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Mikey Stengel
Mikey Stengel

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State machine advent: From implicit to explicit state machine (6/24)

In my research about state machines, I heard @davidkpiano talk about the fact that all of us are already using state machines. Most of them are just implicit. In today's post, I'll cover implicit state machines and showcase why you should reach for an explicit state machine instead.

Implicit state machines do not enforce the state + event => newState formula that should drive our UI. They oftentimes change state within event handlers and are usually plagued by a lot of conditional logic. The simplest version of such an implicit state machine written purely in React can be seen below or in this codesandbox.

import React, { useState } from "react";
import Switch from "react-switch";

const LightSwitch = () => {
  const [active, setActive] = useState(false);

  return (
    <Switch
      onChange={() => setActive(!active)}
      checked={active}
      aria-label='Toggle me'
    />
  );
}

This is one of the simplest stateful React components and it's working great. What could possibly be wrong with the implementation above?

It starts with useState. We pass an initial state and then perform a state update using setState in event handlers. Whenever this occurs, we have created a component whose behavior can't easily be reused. The initial state of our component is tightly coupled and encapsulated to our React component. If we want to reuse our logic (including the initial state), we might want to reach for a custom hook instead.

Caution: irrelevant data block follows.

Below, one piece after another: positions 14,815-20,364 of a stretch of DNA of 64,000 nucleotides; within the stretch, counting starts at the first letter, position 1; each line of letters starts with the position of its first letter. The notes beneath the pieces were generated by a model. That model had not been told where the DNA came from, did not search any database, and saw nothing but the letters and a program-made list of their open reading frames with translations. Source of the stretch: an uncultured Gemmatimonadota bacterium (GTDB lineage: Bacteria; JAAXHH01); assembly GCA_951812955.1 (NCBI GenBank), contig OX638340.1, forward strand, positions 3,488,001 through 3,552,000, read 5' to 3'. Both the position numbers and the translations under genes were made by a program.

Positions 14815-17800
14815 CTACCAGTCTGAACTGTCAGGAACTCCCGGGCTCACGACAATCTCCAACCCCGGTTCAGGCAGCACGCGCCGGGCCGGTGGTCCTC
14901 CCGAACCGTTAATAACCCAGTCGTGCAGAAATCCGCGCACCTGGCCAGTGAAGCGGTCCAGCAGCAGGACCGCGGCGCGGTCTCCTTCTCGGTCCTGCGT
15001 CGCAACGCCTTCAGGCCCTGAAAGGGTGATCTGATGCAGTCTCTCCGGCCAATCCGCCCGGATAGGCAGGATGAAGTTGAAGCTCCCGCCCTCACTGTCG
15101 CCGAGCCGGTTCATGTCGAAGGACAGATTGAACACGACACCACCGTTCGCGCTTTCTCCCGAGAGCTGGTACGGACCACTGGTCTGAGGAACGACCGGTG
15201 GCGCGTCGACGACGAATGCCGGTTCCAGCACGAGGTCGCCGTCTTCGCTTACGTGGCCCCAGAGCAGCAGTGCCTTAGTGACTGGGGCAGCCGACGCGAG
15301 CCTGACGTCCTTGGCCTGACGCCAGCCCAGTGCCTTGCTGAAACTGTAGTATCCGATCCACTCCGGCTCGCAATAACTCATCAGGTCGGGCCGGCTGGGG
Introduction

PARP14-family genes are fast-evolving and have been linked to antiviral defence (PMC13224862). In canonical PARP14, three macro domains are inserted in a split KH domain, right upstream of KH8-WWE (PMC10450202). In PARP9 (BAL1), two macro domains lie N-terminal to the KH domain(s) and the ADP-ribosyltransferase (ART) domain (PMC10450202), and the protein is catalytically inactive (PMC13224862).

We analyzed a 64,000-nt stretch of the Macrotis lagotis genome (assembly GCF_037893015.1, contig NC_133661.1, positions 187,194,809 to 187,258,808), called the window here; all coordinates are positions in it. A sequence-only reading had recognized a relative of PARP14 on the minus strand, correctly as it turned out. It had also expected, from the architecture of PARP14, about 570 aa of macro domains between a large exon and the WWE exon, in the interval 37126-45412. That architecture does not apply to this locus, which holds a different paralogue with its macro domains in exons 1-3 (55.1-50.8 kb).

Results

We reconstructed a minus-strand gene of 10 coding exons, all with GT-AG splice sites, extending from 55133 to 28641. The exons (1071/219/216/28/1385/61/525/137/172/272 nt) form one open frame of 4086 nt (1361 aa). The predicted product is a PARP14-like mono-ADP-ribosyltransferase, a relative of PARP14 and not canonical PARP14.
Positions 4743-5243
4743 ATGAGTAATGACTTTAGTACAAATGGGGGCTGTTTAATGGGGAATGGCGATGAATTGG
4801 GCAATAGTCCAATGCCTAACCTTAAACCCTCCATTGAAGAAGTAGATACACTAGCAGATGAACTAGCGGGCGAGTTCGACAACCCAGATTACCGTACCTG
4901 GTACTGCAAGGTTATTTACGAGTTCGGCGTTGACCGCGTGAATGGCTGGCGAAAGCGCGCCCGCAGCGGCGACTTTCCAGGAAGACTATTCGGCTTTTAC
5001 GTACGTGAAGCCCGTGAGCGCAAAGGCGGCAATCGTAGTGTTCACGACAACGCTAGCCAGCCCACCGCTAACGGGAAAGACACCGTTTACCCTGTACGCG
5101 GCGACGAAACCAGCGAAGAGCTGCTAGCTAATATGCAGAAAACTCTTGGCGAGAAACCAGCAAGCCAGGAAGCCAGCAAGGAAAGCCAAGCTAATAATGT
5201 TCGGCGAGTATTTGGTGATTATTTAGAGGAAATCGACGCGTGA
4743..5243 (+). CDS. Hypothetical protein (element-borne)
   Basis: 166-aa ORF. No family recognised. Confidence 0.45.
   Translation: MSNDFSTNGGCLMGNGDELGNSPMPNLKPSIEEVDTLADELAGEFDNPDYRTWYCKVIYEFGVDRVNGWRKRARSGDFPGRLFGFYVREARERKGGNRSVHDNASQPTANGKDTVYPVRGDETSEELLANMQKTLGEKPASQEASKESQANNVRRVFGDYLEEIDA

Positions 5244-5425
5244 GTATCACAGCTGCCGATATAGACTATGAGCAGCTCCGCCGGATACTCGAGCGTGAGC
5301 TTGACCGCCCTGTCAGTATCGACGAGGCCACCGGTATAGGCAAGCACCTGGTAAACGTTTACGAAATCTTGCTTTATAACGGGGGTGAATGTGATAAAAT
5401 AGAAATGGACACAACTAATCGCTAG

const useSwitch = () => {
  const [active, setActive] = useState(false);

  return [active, setActive]; 
}

This custom hook allows us to share the initial state of false for any component that'd like to implement a stateful switch component. However, each component implementing this hook will have to directly call setActive(!active) as soon as someone clicks on the switch. We can fix this by making a minor change to our custom hook.

const useSwitch = () => {
  const [active, setActive] = useState(false);

  const toggle = () => void setActive(!active); 
  return [active, toggle]; 
}

const LightSwitch = () => {
  const [active, toggle] = useSwitch();

  return (
    <Switch
      onChange={toggle}
      checked={active}
      aria-label='Toggle me'
    />
  )
}

Instead of exposing the setActive hook directly, we expose a function that acts as an event that ultimately drives our state changes.

Sweet. We've abstracted our implicit state machine into a custom hook that encapsulates the exact behavior as our explicitly defined state machine from yesterday.
This worked pretty well but it's worrisome just how easy it is to forget that events should drive state changes. Needless to say, as your application logic and state architecture grows beyond two possible boolean values and one event, you'll undoubtedly introduce a lot of bugs by using implicit machines and miss out on all the benefits of explicit state machines such as visualization.

In summary:

  • It's very easy to forget state + event => newState because React encourages to perform state updates in event handlers. Send events in event handlers and your code will improve. The only way to enforce this is by strictly modeling your application with state machines.
  • If you want to fully separate behavior from your component, reach for explicit state machines immediately.
  • useState(boolean) especially if you have two or more interdependent local states is a huge red flag and indicates that you should probably go with an explicit defined state machine.

Codesandbox explicit state machine in xstate

Codesandbox implicit state machine

Codesandbox a better event-driven implicit state machine using custom hooks

About this series

Throughout the first 24 days of December, I'll publish a small blog post each day teaching you about the ins and outs of state machines and statecharts.

The first couple of days will be spent on the fundamentals before we'll progress to more advanced concepts.

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